Financial accountability officer Stephen LeClair says his office made six information requests of government ministries and agencies in its first year of operation, but received only four partial answers.
LeClair says ministries too frequently cite a cabinet confidentiality exemption that he believes does not apply to forecasts of future government revenue and spending, and make it more costly and difficult to do his duties.
He says it’s difficult to know if a bill is a good idea without having access to the government’s forecasts of its impact, or to know if there are areas of uncertainty that his office should point out to MPPs.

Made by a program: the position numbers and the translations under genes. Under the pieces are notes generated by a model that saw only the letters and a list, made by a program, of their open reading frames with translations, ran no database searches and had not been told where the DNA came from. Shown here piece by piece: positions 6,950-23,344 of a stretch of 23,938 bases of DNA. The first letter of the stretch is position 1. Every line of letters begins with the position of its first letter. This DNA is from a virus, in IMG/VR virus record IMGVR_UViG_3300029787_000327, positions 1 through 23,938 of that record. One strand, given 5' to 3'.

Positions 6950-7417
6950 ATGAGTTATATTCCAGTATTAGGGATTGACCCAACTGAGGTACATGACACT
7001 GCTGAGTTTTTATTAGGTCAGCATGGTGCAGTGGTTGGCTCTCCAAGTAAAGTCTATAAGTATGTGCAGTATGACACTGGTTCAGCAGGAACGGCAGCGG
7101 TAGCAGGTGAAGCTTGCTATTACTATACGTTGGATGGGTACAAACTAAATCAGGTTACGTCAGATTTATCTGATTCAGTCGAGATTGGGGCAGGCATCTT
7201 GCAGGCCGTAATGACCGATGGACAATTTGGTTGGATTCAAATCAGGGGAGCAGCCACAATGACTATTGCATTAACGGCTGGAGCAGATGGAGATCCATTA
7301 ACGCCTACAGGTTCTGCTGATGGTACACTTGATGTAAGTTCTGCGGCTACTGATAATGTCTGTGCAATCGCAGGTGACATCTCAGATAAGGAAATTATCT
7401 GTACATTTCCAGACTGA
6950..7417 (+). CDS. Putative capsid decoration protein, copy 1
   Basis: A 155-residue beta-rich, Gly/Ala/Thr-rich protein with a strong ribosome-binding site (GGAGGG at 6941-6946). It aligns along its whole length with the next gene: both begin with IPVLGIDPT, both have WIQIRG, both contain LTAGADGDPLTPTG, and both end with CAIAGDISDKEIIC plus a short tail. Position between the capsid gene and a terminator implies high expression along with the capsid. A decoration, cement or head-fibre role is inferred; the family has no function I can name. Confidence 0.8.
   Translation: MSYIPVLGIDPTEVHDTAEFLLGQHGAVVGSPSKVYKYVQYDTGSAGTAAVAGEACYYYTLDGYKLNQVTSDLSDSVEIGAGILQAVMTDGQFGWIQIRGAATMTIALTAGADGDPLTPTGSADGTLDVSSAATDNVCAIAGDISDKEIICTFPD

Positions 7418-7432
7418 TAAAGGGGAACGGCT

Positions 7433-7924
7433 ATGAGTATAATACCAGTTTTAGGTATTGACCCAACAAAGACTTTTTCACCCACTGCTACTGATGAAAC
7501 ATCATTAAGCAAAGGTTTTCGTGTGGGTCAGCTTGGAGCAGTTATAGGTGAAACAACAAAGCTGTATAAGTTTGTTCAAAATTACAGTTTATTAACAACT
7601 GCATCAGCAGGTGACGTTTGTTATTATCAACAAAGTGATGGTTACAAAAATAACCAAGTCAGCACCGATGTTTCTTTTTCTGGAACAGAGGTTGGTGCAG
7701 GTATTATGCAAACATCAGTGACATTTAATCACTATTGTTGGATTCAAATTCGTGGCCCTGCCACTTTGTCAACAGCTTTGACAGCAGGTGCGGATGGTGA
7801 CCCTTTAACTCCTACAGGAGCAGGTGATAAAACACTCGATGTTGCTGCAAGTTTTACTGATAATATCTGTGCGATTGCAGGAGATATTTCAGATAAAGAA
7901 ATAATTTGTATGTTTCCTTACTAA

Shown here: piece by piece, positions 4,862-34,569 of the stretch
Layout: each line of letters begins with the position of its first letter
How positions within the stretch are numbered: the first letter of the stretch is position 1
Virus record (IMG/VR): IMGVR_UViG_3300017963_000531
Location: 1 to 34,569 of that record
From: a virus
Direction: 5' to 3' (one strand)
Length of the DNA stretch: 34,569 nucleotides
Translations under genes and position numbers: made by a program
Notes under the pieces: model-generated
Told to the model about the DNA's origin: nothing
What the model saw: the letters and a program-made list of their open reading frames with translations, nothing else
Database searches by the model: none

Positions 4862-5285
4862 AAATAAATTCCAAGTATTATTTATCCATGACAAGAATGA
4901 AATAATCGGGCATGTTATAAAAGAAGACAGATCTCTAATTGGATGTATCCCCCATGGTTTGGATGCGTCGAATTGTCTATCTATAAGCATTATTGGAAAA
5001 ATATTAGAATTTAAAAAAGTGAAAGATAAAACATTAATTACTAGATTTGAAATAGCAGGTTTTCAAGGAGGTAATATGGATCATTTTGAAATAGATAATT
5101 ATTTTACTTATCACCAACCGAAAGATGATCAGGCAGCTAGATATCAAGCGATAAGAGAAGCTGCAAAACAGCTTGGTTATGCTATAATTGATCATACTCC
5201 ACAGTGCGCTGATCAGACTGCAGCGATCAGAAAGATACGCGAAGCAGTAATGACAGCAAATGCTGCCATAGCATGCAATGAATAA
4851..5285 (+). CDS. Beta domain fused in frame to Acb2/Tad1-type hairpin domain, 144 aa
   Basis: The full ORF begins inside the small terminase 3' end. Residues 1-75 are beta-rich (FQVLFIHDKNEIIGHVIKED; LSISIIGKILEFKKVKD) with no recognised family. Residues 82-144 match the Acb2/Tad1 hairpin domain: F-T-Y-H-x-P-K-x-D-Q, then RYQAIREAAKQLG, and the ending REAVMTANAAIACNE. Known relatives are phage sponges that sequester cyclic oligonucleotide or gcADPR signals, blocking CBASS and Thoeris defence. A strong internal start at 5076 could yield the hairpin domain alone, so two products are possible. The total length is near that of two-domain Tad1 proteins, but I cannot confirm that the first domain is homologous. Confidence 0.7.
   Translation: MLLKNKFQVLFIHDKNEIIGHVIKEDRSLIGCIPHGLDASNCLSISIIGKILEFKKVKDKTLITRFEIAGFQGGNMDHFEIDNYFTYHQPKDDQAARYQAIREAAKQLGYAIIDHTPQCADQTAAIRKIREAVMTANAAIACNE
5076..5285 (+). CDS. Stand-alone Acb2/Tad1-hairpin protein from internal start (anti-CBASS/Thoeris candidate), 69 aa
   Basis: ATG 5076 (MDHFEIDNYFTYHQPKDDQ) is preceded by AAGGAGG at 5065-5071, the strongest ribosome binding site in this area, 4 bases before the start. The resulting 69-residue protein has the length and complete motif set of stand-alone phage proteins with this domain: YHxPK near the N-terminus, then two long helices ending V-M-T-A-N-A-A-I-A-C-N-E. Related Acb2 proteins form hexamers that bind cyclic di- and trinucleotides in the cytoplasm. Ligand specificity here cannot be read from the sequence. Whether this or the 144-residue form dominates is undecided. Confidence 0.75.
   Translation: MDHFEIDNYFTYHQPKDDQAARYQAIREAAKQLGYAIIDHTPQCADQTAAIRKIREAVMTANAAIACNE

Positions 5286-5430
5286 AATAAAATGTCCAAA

LeClair made similar complaints about being refused government information when he released a report last fall into the Liberals’ plans to privatize Hydro One.
The Progressive Conservatives say they wonder what the Liberals are hiding by refusing to co-operate with the financial accountability officer, while the New Democrats say the government clearly has a problem with independent oversight.
“The Liberal government has tried to undermine the auditor general, they’ve fought with the ombudsman and they are refusing to give the FAO the information he needs to do his job,” said NDP finance critic Catherine Fife.
The Liberals agreed to create the financial accountability office to get the NDP’s support for the 2013 Ontario budget when they were in a minority and needed votes from another party to avoid triggering an election campaign.